Given the current political climate it's no surprise that there are many books being published that speak to the unfair treatment of immigrants and the need for legal reform. Duncan Tonatiuh's Undocumented: A Worker's Fight does that in spades, but the format of the book—a leporello—seems to drive the point home even further. In a standard picture book readers can flip pages and forget what they've seen previously, but with a leporello at least half of the story is always in view at a time. For those unfamiliar with the term, leporellos are accordion-style books that are only bound at the very edges, so when readers open them they stretch far and wide, providing at least half the story at a time. In lieu of retreading familiar ground, I suggest you check out my leporello post from a years ago here, but right now, let's take a closer look at Undocumented.


September 16, 2018

Mirror, Mirror, on the Wall



It turns out the tale of "Snow White" is one that has crept up on me. I don't think I realized how much I appreciated the story––namely it's tone and aesthetic possibilities––until I really started looking at how different illustrators render the tale: it's much more open to interpretation than one would think. Like with the story of "Little Red Riding Hood," there is a built in color so to speak of red for the apple, and watching illustrators take that one detail and apply their own twists is fascinating. Here are my favorites published within the last ten or so years.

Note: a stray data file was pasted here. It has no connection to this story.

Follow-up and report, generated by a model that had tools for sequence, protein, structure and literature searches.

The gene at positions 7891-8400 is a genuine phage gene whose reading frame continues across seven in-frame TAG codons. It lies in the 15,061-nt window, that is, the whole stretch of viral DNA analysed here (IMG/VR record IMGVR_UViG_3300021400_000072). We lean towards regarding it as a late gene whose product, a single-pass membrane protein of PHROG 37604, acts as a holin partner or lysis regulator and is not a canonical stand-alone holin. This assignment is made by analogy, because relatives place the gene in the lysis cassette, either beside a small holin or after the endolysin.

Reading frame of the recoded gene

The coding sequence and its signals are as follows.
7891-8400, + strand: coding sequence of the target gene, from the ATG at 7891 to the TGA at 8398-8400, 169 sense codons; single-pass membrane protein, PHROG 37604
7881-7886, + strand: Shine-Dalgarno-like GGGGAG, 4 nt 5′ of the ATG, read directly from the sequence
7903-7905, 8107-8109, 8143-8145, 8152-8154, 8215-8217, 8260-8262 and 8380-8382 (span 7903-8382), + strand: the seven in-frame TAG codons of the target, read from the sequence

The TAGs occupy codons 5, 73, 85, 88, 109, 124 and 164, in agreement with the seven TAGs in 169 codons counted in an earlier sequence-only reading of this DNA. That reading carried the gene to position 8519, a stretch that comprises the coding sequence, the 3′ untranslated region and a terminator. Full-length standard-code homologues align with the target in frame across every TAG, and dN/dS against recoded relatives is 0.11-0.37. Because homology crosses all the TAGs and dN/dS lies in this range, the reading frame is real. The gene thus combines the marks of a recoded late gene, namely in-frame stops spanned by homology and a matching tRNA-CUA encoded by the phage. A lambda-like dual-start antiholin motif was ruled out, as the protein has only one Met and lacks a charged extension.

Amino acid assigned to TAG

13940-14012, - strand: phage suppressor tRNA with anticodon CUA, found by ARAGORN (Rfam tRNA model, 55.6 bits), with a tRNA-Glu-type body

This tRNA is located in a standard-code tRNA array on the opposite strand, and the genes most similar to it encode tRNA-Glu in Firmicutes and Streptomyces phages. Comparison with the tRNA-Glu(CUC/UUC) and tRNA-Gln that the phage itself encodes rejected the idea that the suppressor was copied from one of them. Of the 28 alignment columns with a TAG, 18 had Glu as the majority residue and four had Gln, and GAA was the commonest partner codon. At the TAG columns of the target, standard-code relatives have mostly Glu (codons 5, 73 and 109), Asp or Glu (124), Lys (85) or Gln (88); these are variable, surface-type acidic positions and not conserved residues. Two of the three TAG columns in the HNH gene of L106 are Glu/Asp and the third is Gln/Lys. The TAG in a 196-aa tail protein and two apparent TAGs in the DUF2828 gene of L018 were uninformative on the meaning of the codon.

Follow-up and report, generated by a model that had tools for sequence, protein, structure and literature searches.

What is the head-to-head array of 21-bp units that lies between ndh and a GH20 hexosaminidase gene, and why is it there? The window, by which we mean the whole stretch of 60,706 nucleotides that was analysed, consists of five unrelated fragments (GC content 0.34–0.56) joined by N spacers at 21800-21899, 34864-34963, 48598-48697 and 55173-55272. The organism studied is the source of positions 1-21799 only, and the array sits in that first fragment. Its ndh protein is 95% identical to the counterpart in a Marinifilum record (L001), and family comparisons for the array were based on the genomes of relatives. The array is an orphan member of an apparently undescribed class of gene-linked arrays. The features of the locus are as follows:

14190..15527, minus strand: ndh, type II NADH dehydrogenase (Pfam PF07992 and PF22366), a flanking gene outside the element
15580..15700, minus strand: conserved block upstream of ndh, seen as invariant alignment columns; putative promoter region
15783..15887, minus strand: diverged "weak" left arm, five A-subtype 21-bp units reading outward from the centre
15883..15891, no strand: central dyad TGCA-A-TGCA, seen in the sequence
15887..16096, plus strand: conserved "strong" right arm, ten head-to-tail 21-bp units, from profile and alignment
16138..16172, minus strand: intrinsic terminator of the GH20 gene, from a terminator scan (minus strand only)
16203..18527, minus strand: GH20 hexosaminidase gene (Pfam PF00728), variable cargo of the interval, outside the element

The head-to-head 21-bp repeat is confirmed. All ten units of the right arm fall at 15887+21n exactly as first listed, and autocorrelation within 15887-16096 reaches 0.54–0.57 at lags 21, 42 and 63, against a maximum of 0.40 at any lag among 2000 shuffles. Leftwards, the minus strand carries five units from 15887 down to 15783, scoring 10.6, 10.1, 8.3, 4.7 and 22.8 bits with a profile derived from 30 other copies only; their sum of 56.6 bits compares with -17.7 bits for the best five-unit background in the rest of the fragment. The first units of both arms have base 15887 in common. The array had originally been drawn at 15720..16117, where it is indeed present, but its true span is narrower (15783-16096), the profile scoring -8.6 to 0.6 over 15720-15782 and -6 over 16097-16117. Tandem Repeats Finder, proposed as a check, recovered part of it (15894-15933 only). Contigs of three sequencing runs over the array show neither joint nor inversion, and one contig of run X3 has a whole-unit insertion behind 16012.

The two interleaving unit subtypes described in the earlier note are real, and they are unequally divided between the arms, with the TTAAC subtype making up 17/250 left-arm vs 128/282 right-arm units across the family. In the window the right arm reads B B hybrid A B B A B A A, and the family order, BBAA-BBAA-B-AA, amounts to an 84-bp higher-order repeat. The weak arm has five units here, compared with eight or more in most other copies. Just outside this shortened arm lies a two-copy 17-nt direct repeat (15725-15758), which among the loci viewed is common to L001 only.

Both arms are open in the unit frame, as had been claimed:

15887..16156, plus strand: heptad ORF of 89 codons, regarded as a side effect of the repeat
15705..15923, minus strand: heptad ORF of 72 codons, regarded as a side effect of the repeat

Click on these book covers to poke around, and don't forget, you can see all of my favorite fairytales here!

     

September 15, 2018

Crushes of the Week: September 2-8 & 9-15, 2018

I didn't get a chance to post my crushes last week, so here are this week's and last week's!

Last week's crushes:
  1. Archie and the Bear by Zanni Louise and David Mackintosh (Clarion Books, September 2018)
  2. The Day War Came by Nicola Davies and Rebecca Cobb (Candlewick, September 2018)
  3. Samurai Scarecrow: A Very Ninja Halloween by Rubin Pingk (Simon & Schuster Books for Young Readers, July 2018)
  4. I Feel Teal by Lauren Rille and Aimée Sicuro (Beach Lane Books, July 2018)
  5. An Unlikely Ballerina by Krystyna Poray Goddu and Cosei Kawa (Kar-Ben Publishing, August 2018)
  6. The Girl with a Mind for Math: The Story of Raye Montague by Julia Finley Mosca and Daniel Rieley (Innovation Press, September 2018)
      

And this week's crushes:
  1. Food Hide and Sneak by Bastien Contraire (Phaidon Press, August 2018)
  2. The Street Beneath My Feet by Charlotte Guillain and Yuval Zommer (words & pictures, March 2017)
  3. Hats of Faith by Medeia Cohan and Sarah Walsh (Chronicle Books, August 2018)
  4. If Polar Bears Disappeared by Lily Williams (Roaring Brook Press, August 2018)
  5. Cat Wishes by Calista Brill and Kenard Pak (HMH Books for Young Readers, July 2018)
  6. The Steves by Morag Hood (Sourcebooks Jabberwocky, September 2018)
     

September 13, 2018

THE HOUSE OF LOST AND FOUND

The House of Lost and Found by Martin Widmark and Emilia Dziubak is a quiet story about finding love after loss and taking care of ourselves.


September 11, 2018

Let's Talk Illustrators #81: Sandra Dieckmann